Womens Health

Don't Go By Appearances

You can't tell if someone has HIV or Aids just by looking at them.

Looking Healthy

Can you tell if someone is diabetic, has cancer or even a headache merely by looking at them? Unless you are a qualified doctor the answer is almost certainly no, and really a doctor probably can't tell either.

So how can you know if someone could infect you with HIV/Aids? Just because they are good looking, look healthy, treat you well, and are "a nice person" doesn't mean they don't have the disease.

Over 20% of people infected with HIV worldwide have no idea they have the virus.

They may feel and look perfectly healthy - so how can you know when they don't even know themselves.

The only way to know for sure whether you or a potential partner has the virus is to get tested.

Where You Live

Even though you can't tell if someone has the virus by how they look, you can tell if someone is more likely to have the virus by where they live. For example in the United States, Washington D.C. has 10 times the American national average rate of infection with approximately 1 in 20 adults having the virus.

People who live in sub-Saharan countries are also more likely to have the disease. 67% of the world's cases of HIV/Aids (over 24.5 million people) come from this region alone! South Africa alone has almost 6 million known cases, about 18% of the population. Nigeria has over 2 1/2 million cases (just 3% of the population) whereas Swaziland with only 190,000 cases has over 26% of its population with the virus.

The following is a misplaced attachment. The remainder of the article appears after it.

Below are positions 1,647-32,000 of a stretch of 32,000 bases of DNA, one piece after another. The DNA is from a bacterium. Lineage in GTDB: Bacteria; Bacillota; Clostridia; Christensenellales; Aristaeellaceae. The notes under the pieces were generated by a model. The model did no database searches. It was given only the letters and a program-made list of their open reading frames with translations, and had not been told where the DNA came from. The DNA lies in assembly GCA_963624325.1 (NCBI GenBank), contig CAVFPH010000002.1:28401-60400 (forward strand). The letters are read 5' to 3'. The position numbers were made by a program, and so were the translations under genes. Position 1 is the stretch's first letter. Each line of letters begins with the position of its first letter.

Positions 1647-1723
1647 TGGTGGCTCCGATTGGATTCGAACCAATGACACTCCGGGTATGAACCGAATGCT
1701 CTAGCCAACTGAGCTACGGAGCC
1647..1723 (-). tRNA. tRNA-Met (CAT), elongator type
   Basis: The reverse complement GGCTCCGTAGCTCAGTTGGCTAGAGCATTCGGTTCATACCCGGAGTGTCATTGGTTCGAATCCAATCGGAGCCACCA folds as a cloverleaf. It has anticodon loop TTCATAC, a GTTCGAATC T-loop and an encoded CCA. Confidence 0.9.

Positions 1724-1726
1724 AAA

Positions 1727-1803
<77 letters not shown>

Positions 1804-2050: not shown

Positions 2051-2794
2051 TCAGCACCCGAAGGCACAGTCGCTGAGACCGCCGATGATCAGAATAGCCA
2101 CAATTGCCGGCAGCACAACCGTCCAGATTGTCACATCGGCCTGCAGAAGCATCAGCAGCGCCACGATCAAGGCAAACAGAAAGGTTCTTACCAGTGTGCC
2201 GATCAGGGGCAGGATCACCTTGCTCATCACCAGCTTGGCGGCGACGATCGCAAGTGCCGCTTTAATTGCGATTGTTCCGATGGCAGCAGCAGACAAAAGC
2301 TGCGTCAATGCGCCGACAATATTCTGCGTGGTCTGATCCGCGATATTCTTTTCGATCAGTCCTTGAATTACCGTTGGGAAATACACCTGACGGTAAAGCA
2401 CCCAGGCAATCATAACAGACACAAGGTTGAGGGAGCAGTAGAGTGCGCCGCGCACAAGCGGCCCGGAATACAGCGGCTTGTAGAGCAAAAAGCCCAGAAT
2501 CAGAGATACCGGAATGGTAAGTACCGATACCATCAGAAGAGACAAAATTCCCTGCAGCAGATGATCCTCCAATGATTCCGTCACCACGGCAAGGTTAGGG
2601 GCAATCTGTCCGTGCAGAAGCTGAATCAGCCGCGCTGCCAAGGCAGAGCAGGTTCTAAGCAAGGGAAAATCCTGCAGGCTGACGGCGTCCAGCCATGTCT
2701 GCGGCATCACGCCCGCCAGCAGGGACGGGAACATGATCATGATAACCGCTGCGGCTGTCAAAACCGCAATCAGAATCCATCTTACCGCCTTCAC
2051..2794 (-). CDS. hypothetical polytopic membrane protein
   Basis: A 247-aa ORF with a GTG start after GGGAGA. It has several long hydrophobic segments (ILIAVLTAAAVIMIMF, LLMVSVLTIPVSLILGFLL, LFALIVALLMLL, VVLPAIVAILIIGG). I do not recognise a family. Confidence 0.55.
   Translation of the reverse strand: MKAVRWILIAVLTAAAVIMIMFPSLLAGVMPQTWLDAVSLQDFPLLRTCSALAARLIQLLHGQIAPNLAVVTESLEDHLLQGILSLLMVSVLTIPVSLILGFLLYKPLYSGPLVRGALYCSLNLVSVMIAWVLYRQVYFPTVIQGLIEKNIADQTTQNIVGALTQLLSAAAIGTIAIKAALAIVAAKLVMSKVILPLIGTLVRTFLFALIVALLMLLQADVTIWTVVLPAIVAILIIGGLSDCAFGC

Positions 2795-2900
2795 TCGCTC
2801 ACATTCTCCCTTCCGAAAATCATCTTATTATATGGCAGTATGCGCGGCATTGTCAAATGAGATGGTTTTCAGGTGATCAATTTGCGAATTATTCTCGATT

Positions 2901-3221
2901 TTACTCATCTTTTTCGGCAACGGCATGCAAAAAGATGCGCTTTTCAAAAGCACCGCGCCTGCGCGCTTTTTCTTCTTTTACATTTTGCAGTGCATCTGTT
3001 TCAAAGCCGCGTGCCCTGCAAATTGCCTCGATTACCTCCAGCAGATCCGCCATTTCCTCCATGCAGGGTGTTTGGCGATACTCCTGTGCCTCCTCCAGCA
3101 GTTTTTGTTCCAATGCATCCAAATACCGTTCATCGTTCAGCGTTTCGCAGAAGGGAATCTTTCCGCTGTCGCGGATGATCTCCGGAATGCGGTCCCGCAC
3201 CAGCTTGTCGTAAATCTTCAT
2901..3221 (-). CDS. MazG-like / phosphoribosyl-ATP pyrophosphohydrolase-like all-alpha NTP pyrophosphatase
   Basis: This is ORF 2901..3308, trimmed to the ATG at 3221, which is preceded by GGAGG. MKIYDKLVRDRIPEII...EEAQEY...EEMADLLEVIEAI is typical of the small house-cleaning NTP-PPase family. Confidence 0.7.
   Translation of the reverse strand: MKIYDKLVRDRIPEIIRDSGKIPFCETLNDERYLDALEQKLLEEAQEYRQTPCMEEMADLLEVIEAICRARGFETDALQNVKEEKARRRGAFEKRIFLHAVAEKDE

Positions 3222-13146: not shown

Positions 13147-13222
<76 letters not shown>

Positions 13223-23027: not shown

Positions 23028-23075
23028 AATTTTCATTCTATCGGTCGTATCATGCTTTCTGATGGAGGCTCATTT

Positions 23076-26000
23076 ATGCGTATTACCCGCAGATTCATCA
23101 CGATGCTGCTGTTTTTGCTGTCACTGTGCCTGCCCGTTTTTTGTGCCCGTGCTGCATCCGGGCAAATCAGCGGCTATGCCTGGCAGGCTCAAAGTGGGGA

India has almost 2 1/2 million HIV cases, putting them third in the world for infected countries, but this is just 0.30% of the population. This is half the % of sufferers of the United States where 0.60% of the population has the virus.


Race or ethnicity can also be an indicator of the likelihood of someone having the virus. African-Americans and Latinos are disproportionally more likely to have the virus than other ethnicities in the United States. Almost half of all people with HIV in the United States are African-Americans even though they are only 12% of the American population. And Latinos in New York State comprise 16% of the population but have about 30% of HIV cases in the New York area. This is why New York State health department nominated July 2010 as Latino HIV Testing Month as a way to encourage Latinos to get tested.


Despite HIV still being falsely seen in the west as a disease that primarily affects gays and drug addicts, world-wide women and girls are more likely to be infected. In the United States alone one in four people living with HIV/Aids are women. And according to government statistics it is the leading cause of death for young African-American women aged between the ages of 25 and 34.

How To Be Sure

Even if you are a young woman who lives in Washington D.C. it doesn't mean you have the virus. It just means that statistically speaking you are more likely to be in contact with someone who has contracted the disease.

There is only one way to know for sure - get tested for HIV.

Make sure you and your partner get tested before having sex for the first time. Be safe - always use a condom!

Remember don't go by appearances - have a test!

Check out the rest of this section for more advice on HIV/Aids.

Our website has lots of other interesting health information so why not have a look around.

Table of Contents
2. HIV/AIDS: Overview
3. Relationships And HIV
4. Teens And HIV
5. HIV Myths And Facts
6. HIV Medications
7. HIV/AIDS Differences
8. HIV Drug Cocktail
9. Ways To Get HIV
10. Condoms To Prevent HIV
11. Prevent HIV
12. To Test Or Not
13. The HIV Test
14. Appearances Tell Nothing
15. Women And HIV
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